Bodie, California was once a prosperous gold mining town, home to thousands of residents in the 1870s and producing millions of dollars worth of gold a year. But by the 1910s and ‘20s, Bodie’s gold reserves had dried up and the town’s key source of income had vanished. Residents started to flee en masse, abandoning their homes and any belongings they couldn’t carry.
Today, Bodie is eerily preserved in almost the exact state its residents abandoned it in, with roughly 100 structures still standing in the town. Here’s the story of Bodie, California’s notorious Old West ghost town, told in 10 remarkable photos.
Bodie first emerged in the mid-19th century, when a group of budding gold prospectors struck lucky in a region now known as Bodie Bluff. A mill opened in 1861, and the tiny town of Bodie began to grow.
Bodie in its prime
Despite the initial prosperity of the Bodie gold mines, reserves appeared to be drying up by the 1870s. But in 1875, one of the town’s key mines, known as Bunker Hill, collapsed. The accident turned out to be a stroke of luck for the prospectors of Bodie, however, revealing vast new supplies of gold.
The town’s population rocketed as budding miners flocked to the region in search of employment and riches. Between 1877-1882, Bodie exported some $35 million worth of gold and silver.
A relic of the Old West
Like so many boomtowns of the American Old West, Bodie developed a reputation for lawlessness and criminality, and the town was home to some 65 saloons in its prime. According to some contemporary reports, residents of Bodie would ask each morning, “have we a man for breakfast?”, which essentially meant, “was anybody murdered last night?”
Bodie’s rapid decline
Bodie’s glory days as a prosperous boomtown didn’t last long. In the early 1880s, just two decades after the town had sprung up, people began leaving Bodie in search of riches elsewhere. As the town’s gold supplies continued to dry up over the following decades, more and more residents left.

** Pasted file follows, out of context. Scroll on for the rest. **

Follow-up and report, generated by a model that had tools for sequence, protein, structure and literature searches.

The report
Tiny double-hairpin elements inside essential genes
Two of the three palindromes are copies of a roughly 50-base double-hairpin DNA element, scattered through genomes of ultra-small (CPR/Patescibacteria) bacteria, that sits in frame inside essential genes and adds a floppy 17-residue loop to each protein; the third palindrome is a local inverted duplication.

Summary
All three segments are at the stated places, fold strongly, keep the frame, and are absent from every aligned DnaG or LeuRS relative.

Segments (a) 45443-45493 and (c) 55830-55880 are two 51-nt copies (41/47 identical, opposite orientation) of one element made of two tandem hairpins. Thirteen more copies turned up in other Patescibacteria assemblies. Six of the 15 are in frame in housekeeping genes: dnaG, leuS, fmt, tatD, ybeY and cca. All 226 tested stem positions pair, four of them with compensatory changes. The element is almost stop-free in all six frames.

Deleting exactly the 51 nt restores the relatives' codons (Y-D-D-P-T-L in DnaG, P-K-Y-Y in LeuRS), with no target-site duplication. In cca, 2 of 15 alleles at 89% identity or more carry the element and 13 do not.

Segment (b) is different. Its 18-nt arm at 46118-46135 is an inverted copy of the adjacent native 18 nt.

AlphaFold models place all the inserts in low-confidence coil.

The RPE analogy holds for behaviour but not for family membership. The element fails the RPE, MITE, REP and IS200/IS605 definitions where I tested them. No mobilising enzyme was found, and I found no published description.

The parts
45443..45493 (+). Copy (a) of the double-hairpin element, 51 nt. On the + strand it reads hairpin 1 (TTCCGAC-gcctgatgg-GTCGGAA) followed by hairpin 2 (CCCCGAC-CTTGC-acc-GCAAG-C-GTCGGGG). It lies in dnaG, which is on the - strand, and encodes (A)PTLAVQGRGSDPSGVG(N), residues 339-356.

In 1913, the Standard Company, which had once been Bodie’s most prosperous mining organisation, ceased its operations in the town. Though some determined residents and prospectors fought for the town, it was entirely abandoned by the 1940s.
A ghost town
When the residents of Bodie left, many of them just took what they could carry, abandoning their belongings and even entire homes. In 1962, Bodie was crowned a State Historic Park. Granted “arrested decay” status, it is now preserved by California State Parks in near enough the state its residents left it in. The town is open to visitors and boasts around 100 surviving structures.
This church was erected in 1882 and was used regularly by the townsfolk of Bodie up until 1932, when it hosted its last service.
The Bodie Jail
In 1877, the people of Bodie constructed this jail in the town to ensure that local sheriffs had a place to house suspected criminals. The small jail was used regularly, and it’s reported that it even saw a successful escape attempt. When the famed actor John Wayne paid a visit to Bodie, he visited Bodie Jail.
This bank served the town of Bodie from the late 19th century, even surviving a devastating fire in the town in 1892. However, in 1932, another fire hit the settlement, damaging the roof of the bank and causing extensive damage.
This structure was first used as a lodge in the 1870s, but was later converted into a school. Inside, the old schoolhouse is eerily well preserved, with desks still standing, toys lying around and shelves full of books. The rear of the school is now used as makeshift archive and contains several hundred artefacts recovered from the structure.
This leaning structure, known as the Swayzey Hotel, served many uses during Bodie’s short life as a boomtown. As well as being an inn, the building was used as a casino and a clothing store. It’s now one of the most popular buildings in Bodie, which is open to visitors for a small fee.